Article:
« PreviousContinue »
13 to your chamber.] Camera regia, from it»
being the city of royal residence.
14 Thus, like the formal vice, Iniquity,
I moralize two meanings in one word.] By vice, the author means not a quality, but a person. There was hardly an old pluy, till the period of the Reformation, which had not in it a dnil, and a droll character, a jester; (who was to play upon the devil;) and this buffoon went by the name of a Vice. This buffoon was at first accoutred with a long jerkin, a cap with a pair of ass's ears, and a wooden dagger, with which (like another Harlequin) he was to make sport in belabouring the devil. This was the constant entertainment in the times of popery, whilst spirits, and witchcraft, and exorcising held their own. When the Reformation took place, the stage shook off some grossities, and encreased in refinements. The masterdevil then was soon dismissed from the scene; and this buffoon was changed into a subordinate fiend, whose business was to range on earth, and seduce poor mortals into that personated vicious quality, which he occasionally supported; as, iniquity in general, hypocrisy, usury, vanity, prodigality, gluttony, &c. Now, as the fiend (or vice), who personated Iniquity (or Hypocrisy, for instance) could never hope to play his game to the purpose but by hiding his cloven foot, and assuming a semblance quite different from his real character; he must certainly put on a formal demeanour, moralize and prevaricate in his words, and pretend a meaning directly opposite to his genuine and primitive intention. If this does not explain the passage in question, 'tis all that I can at present suggest upon it. Theobald.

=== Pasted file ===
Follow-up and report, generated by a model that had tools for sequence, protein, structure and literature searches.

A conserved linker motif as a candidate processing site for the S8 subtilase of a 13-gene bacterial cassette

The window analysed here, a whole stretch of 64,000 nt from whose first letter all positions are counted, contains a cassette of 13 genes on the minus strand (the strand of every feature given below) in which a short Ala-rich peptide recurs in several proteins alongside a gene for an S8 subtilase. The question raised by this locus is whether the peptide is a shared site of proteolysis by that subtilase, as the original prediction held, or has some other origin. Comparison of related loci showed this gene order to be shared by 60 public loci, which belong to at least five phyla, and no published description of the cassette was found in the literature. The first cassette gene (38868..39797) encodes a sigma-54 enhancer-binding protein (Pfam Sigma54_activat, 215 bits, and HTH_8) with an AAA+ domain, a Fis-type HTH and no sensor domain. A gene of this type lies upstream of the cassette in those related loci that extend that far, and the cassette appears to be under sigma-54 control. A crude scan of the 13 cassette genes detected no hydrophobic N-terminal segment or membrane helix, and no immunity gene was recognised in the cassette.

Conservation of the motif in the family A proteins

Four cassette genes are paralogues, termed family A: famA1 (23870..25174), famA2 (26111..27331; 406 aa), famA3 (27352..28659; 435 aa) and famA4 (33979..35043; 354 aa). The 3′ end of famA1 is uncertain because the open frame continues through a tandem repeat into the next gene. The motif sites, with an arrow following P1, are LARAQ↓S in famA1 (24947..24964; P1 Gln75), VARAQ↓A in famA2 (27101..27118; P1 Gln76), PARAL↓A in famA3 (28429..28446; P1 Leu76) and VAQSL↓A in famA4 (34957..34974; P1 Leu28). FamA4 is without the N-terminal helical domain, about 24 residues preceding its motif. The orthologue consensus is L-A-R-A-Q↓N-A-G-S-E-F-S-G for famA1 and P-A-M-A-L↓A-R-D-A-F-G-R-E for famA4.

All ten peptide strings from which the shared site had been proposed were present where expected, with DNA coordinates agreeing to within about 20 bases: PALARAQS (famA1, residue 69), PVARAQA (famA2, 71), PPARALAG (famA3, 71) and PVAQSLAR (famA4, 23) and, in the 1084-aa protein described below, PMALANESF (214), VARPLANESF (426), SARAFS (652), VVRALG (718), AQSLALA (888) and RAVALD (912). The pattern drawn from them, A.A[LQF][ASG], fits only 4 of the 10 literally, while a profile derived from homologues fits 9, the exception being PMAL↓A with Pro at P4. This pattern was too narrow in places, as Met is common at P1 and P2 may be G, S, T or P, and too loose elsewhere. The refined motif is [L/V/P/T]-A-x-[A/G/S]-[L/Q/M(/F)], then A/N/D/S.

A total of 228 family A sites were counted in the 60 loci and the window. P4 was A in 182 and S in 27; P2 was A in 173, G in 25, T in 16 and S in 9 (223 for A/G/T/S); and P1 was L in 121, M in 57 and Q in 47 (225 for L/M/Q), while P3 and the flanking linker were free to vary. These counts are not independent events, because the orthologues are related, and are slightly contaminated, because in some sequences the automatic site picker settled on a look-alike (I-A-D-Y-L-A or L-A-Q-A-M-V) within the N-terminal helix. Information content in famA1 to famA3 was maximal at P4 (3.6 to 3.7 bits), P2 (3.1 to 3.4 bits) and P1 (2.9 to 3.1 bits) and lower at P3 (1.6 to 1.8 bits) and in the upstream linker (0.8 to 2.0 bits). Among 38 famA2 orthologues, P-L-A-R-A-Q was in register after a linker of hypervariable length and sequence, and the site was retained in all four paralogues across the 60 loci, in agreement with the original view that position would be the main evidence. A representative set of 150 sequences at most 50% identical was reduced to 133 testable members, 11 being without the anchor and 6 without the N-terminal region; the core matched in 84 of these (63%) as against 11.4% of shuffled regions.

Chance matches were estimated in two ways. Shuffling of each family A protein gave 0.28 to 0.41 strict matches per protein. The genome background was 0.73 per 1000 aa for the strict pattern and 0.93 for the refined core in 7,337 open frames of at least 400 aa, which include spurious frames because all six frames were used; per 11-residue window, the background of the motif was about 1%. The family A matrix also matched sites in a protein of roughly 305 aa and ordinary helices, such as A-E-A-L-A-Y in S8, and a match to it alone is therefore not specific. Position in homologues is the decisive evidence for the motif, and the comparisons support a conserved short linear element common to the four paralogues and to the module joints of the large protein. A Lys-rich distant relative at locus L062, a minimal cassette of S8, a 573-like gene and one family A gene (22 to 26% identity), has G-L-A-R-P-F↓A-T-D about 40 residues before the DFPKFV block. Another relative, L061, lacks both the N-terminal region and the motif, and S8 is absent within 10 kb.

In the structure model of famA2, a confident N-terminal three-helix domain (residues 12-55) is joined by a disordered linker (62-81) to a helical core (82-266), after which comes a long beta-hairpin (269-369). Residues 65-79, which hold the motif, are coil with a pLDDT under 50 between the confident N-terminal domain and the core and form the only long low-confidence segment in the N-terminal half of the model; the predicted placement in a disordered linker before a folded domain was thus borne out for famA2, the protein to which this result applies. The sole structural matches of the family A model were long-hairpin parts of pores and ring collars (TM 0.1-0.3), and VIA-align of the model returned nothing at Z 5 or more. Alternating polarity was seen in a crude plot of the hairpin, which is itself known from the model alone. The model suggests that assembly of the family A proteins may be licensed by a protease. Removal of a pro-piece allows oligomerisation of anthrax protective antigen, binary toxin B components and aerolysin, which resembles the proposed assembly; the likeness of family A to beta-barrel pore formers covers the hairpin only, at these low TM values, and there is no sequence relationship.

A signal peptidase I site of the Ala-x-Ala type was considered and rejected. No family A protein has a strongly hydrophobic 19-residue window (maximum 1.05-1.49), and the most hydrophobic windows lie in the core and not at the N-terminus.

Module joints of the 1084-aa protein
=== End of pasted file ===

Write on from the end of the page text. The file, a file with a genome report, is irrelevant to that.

Dr. Warburton and Mr. Upton have also written long notes to illustrate the character of vice; but they do not give a more satisfactory account of that personage, than what is contained in the above remarks of Theobald. Dr. Johnson is, I believe, right in attributing to him something of the character of our modern Punch.
"I have nothing to add to the observations of these learned critics, but that some traces of this antiquated exhibition are still retained in the rustic puppetplays, in which I have seen the Devil very lustily belaboured by Punch, whom I hold to be the legitimate successor of the old Fief."
15 Because that I am little, like an ape,] The reproach seems to consist in this: at country shews it was common to set the monkey on the back of some other animal, as a bear. The duke, therefore, in calling himself ape, calls his uncle bear. Johnson.
18 come upon your cue ] This expression is
borrowed from the theatre. The cue, queue, or tail of a speech, consists of the last words, which are the token for an entrance or answer. To come on the cue, therefore, is to come at the proper time.
17 Three times to-day my foot-cloth horse did stumble, &c.] So in the Legend of Lord Hastings by M. D. My palfrey, in the plainest paved street, Thrice bowed his bones, thrice kneeled on the floor, Thrice shunn'd (as Balaam't ass) the dreaded Tow'r.
The housings of a horse, and sometimes a horse himself, were anciently called the foot-cloth. So in Ben Jonson's play called 7 he Case is altered,
"I'll go on my foot-cloth, I'll turn gentleman." So in the tragedy of Muleasses the Turk, IfitO,
"I have seen, since my coming to Florence, the
"son of a pedlar mounted on afoot-cloth." Again, in A fair Quarrel, by Middleton, 1617,
"thou shalt have a physician,
"The best that gold can fetch upon \i\sfoot-clotk."
16 to engross ] To fatten or pamper.
19 Who meets us here?—my niece Plantagenet,